Human Genetics Alert

Unit 112 Aberdeen House 22-24 Highbury Grove, London N5 2EA
Phone: 020 7704 6100 fax: 020 7359 8423


For immediate release 21 st April 2004

HGA calls on regulator to reject cloning proposal

Human Genetics Alert (HGA; 1) today condemned Prof. Ian Wilmut’s proposal to clone human embryos. HGA’s Director, Prof. David King, said: “This research proposal is unnecessary, and crosses important ethical lines for the first time. It also risks giving crucial help to those who want to clone babies. We shall be writing to the HFEA urging them not to allow this research. It is vital that this receives wide public debate, and that we do not get stuck in the sterile pro-life versus science opposition.”

  • This research is irresponsible: once Prof. Wilmut publishes his methods for creating viable cloned human embryos it will be simple for those who want to clone babies to do so in the many countries which lack legislation. Prof. Wilmut admitted this last year in a BBC interview, and called for a global ban on cloning babies: if he wishes to be taken seriously on this, he must restrain himself from helping cloners until such a ban is in place.
  • The research is unethical in two ways: firstly,this project will require the donation of eggs purely for research. This would impose serious health risks upon the women involved, which are not justified by the gains from this research. Furthermore, there is a shortage of egg donors for fertility treatment in Britain . Infertile women who need donor eggs will be angry that eggs are being diverted to speculative research.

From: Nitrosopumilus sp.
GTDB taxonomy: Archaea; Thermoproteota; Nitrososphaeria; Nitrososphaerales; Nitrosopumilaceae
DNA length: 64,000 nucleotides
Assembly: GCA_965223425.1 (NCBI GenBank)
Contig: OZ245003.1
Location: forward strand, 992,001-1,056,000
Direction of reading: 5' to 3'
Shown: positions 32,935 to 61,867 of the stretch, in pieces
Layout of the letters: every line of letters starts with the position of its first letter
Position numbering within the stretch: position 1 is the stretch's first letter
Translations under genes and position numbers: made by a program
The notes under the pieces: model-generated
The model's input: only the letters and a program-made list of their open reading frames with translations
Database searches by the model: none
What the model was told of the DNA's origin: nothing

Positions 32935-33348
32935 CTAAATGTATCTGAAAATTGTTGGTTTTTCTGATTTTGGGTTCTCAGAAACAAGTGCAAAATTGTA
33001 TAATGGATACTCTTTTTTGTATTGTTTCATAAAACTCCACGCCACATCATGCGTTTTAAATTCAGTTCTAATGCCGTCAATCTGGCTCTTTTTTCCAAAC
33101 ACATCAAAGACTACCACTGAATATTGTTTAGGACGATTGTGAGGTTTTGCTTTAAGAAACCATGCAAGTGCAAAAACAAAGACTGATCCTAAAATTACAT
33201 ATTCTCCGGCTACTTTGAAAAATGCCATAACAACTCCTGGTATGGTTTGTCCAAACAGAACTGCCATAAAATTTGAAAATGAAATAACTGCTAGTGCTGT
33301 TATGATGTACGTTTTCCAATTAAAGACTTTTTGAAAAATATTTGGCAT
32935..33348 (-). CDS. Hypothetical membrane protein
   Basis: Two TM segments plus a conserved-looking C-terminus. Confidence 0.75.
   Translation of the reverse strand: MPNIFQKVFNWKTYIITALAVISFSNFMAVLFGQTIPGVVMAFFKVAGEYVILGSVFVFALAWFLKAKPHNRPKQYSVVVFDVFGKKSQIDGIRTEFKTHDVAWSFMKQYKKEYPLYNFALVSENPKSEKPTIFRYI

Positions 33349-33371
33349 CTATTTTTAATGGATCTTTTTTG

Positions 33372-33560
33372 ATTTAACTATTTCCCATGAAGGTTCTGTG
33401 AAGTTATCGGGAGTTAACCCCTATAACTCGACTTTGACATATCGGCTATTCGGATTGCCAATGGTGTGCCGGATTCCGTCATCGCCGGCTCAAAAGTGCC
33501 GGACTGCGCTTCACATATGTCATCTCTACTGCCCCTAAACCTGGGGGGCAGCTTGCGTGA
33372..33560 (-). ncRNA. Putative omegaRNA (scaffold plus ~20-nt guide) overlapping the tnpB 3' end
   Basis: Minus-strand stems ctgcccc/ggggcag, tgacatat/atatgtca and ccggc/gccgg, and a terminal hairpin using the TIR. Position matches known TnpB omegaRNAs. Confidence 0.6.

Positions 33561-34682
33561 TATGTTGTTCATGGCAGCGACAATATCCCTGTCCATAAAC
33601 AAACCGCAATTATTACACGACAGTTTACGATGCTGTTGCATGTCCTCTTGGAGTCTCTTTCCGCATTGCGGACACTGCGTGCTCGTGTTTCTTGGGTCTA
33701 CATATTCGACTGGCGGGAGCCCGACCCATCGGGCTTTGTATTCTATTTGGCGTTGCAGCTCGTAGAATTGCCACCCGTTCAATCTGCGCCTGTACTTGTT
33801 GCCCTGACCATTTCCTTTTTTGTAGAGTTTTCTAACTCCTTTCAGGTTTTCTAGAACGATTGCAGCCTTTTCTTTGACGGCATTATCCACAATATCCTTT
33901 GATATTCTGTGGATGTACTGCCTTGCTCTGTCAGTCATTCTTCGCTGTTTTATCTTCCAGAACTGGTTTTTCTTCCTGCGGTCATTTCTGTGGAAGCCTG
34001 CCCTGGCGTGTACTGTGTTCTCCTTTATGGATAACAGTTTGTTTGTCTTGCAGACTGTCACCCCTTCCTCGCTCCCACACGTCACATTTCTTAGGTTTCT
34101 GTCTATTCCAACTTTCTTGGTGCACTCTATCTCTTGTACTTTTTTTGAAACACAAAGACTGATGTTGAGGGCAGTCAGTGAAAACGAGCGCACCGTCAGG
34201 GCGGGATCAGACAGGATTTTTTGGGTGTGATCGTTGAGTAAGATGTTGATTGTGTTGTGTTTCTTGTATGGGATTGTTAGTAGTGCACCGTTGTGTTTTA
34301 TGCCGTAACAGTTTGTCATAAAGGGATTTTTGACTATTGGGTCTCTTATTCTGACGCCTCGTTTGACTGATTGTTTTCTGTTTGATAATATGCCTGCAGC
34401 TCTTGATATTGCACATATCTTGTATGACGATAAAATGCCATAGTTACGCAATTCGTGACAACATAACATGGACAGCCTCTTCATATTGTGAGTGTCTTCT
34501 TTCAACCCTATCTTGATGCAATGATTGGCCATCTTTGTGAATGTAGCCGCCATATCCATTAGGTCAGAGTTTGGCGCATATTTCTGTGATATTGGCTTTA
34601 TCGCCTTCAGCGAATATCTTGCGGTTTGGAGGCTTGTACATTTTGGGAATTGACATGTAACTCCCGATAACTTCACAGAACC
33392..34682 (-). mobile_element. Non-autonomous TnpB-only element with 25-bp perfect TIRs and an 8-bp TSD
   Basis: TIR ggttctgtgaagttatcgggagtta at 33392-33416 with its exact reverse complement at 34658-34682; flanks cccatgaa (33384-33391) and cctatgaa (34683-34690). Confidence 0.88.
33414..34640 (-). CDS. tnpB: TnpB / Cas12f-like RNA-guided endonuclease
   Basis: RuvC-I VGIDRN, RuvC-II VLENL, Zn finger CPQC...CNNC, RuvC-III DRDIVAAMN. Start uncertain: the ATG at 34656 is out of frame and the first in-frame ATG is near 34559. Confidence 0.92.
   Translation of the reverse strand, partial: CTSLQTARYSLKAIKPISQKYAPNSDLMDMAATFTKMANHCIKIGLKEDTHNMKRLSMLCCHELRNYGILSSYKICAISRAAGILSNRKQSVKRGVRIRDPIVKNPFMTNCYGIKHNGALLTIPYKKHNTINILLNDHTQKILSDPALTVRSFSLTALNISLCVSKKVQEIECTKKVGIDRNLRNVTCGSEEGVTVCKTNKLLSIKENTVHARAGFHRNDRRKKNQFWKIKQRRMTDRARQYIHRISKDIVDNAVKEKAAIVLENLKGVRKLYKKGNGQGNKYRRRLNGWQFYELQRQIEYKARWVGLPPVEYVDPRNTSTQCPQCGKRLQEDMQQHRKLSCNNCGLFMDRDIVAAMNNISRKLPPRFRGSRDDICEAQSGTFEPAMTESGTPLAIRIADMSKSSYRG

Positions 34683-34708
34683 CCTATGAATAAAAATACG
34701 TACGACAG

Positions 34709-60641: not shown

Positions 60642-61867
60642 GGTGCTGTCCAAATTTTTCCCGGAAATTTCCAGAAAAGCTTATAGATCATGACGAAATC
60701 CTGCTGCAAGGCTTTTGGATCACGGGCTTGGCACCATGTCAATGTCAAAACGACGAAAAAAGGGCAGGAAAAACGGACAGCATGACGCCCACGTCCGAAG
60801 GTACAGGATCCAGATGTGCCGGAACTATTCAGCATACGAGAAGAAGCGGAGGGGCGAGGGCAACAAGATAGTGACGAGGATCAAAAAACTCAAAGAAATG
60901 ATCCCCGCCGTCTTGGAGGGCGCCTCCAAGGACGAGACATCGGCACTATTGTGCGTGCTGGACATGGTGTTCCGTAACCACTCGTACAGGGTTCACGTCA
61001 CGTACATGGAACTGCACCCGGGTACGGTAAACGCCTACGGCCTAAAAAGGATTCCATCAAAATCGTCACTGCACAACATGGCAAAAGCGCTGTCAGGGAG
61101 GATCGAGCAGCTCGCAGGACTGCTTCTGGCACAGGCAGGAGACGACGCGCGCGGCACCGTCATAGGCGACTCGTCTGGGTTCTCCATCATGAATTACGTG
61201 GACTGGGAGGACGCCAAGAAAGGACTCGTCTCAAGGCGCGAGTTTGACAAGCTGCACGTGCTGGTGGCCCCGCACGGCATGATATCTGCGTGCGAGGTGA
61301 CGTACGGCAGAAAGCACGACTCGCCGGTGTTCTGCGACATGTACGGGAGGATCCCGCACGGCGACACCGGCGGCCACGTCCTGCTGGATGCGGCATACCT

• Secondly, the project involves the creation of embryos purely for research. HGA is not a pro-life group, and supports women’s right to choose abortion. However, UK law is based on the concept that embryos are morally significant entities and must be treated with respect. The creation of embryos purely as a means to an end (as raw material for research), and not for the purpose of reproduction, degrades their moral status. This is why, although many countries allow embryo research, only a tiny handful, including Britain , allow the creation of embryos purely for such a purpose.
  • The research is premature, unnecessary and politically-motivated: there is currently no evidence that there are changes in the motor neurones of young chilProf.en or foetuses that are relevant to the symptoms of motor neurone disease (MND). This is not surprising since MND symptoms only occur in middle age, decades after the stage of embryonic stem cells from which they were derived. Thus MND is a poor target for using this research method. There are many pitfalls in Prof. Wilmut’s research method, which mean that it is unlikely to be useful, according to independent scientists that HGA has consulted. Prof. Wilmut has also recently acknowledged that there are alternative ways of adProf.essing this research question.

Thus it is extremely difficult to see how this research can be seen as necessary within the meaning of the Human Fertilisation and Embryology Act. Rather, it appears that Prof. Wilmut is grasping at straws, looking for a useful application of embryo cloning, primarily for the political reason of averting a global ban on embryo cloning which is being discussed at the UN.

For further information, please call Prof. David King on 020 7704 6100.  

Notes for editors

1. Human Genetics Alert is an independent watchdog group funded by a leading British charity.